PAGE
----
Swiss Alps, Switzerland
Mountains cover nearly two-thirds of Switzerland. The country’s defining geographical feature has been the backbone of Swiss tourism for more than a century.
This living postcard of a country has one of the highest rates of foreign residents in Europe--22.8 percent, according to Switzerland’s Federal Department of Foreign Affairs. The draw is no mystery. The standard of living strikes an enviable work-life balance with a low crime rate, high health care standards and famously beautiful scenery.
In the Alps, peaks like the iconic Matterhorn and Jungrau fire the imagination. Resort towns such as Zermatt, St. Moritz and Davos have built-in international cache. The region’s vast network of mountain trails attract outdoor enthusiasts of all stripes, and the well-developed infrastructure caters to the well-heeled.
The Swiss Alps real estate market has been a consistently solid one with few speculators. The influx of international buyers focuses on top-tier properties. According to Bloomberg Businessweek, Swiss vacation homes are typically more expensive than their counterparts in other alpine regions.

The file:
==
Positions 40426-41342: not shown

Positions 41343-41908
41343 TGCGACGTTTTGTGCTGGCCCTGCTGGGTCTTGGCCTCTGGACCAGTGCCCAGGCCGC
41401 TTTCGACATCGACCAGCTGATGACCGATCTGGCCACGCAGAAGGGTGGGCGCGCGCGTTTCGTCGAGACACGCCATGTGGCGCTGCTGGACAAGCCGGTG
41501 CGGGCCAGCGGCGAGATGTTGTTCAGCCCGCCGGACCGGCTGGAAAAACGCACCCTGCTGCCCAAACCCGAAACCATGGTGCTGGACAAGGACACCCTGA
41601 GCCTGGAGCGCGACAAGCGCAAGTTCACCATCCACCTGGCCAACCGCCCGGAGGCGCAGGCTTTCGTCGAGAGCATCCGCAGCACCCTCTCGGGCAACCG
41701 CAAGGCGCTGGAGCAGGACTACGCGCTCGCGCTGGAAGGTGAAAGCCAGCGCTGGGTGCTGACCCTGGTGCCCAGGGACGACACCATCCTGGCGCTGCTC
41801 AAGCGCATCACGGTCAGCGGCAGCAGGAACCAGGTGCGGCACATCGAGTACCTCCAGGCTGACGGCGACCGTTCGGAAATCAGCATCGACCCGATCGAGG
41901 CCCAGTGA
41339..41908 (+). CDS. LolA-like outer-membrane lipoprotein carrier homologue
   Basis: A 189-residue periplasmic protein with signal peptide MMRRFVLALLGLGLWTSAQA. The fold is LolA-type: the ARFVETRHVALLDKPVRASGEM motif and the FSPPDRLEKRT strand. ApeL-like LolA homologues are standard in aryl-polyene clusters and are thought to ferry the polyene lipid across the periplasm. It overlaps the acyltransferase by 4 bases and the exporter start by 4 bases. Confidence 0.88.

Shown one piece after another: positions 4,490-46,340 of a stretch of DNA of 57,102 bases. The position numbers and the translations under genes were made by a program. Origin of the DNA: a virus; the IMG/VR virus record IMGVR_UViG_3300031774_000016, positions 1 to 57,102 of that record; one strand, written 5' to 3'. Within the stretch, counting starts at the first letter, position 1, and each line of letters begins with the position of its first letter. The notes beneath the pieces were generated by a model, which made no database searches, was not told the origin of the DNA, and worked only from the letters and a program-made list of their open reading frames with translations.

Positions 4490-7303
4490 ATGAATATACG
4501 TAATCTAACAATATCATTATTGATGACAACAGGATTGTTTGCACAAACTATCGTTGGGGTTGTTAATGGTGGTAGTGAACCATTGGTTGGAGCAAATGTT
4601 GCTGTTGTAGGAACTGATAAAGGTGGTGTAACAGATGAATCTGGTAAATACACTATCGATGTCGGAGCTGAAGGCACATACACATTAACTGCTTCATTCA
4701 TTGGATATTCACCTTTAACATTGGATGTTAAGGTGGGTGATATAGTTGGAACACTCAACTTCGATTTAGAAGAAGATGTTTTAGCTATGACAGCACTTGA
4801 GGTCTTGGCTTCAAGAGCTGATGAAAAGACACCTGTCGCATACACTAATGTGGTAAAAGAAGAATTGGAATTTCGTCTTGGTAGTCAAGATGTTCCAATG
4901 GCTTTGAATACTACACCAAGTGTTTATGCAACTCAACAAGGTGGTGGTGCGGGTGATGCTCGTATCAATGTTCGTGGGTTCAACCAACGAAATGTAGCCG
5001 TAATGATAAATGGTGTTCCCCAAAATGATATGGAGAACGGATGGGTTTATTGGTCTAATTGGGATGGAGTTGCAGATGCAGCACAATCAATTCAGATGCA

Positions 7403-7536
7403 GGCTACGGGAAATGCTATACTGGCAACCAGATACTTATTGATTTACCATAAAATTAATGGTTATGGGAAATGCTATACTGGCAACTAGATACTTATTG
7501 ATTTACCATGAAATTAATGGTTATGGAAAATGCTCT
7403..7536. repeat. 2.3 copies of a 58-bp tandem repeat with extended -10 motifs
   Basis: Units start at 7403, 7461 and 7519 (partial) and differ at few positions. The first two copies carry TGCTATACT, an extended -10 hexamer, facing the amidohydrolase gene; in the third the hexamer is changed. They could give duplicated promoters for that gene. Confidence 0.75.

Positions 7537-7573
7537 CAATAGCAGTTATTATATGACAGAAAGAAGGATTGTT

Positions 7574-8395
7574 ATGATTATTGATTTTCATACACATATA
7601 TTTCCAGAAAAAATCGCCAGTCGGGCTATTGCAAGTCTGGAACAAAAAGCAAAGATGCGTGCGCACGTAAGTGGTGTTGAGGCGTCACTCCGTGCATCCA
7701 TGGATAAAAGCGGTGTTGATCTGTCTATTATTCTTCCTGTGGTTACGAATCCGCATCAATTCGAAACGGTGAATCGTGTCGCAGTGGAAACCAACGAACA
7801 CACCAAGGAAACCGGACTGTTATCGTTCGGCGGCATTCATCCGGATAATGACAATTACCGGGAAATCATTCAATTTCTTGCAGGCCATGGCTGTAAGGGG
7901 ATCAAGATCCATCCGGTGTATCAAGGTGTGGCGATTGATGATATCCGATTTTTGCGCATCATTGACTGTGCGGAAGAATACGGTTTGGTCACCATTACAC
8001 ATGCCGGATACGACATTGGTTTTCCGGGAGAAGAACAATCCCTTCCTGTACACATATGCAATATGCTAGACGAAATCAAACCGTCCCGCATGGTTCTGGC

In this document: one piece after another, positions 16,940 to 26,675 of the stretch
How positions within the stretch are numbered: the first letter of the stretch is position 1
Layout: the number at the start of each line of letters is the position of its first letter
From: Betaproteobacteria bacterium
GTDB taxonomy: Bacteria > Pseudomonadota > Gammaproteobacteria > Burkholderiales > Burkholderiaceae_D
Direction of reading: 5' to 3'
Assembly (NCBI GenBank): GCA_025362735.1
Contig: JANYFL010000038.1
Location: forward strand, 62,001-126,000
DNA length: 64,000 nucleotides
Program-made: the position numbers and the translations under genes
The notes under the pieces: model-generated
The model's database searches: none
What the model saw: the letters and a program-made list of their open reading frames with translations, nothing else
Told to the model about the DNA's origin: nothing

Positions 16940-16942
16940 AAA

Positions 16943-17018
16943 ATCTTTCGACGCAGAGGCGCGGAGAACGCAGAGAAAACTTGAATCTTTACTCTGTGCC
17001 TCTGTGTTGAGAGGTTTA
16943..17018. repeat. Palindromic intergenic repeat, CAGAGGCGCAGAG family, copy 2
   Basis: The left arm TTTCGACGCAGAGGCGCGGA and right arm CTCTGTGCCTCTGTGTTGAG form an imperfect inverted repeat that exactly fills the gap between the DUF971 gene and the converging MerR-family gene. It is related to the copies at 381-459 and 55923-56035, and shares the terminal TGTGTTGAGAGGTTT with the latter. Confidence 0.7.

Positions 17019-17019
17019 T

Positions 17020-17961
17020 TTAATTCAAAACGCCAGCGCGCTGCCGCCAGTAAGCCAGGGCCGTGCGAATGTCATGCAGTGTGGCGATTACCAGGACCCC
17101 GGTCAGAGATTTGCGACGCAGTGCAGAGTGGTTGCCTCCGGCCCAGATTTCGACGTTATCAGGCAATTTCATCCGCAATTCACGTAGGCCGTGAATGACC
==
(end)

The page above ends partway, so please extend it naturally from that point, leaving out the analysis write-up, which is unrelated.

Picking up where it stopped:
Foreign nationals who live aboard are generally permitted to buy vacation homes in tourist areas, but purchases are regulated. Buyers face restrictions, which include quotas set by the federal government as well as limitations imposed by the local canton or state. Conditions vary. In some areas, buyers are prohibited from buying beyond a certain size, limited to residences that are already foreign-owned or re-selling within a certain period of ownership. Other areas are more liberal and non-residents enjoy a wider choice.
These days, mountain homes are being reinterpreted to expand on the vernacular architecture of Alpine chalets. Examples are the designs of Swiss Pritzker Prize-winning architect Peter Zumthor who built minimalist vacation cabins on a mountainside in the hamlet of Leis. Other visionaries have abandoned wood logs for sculptural forms in concrete. The result is Alpine chic.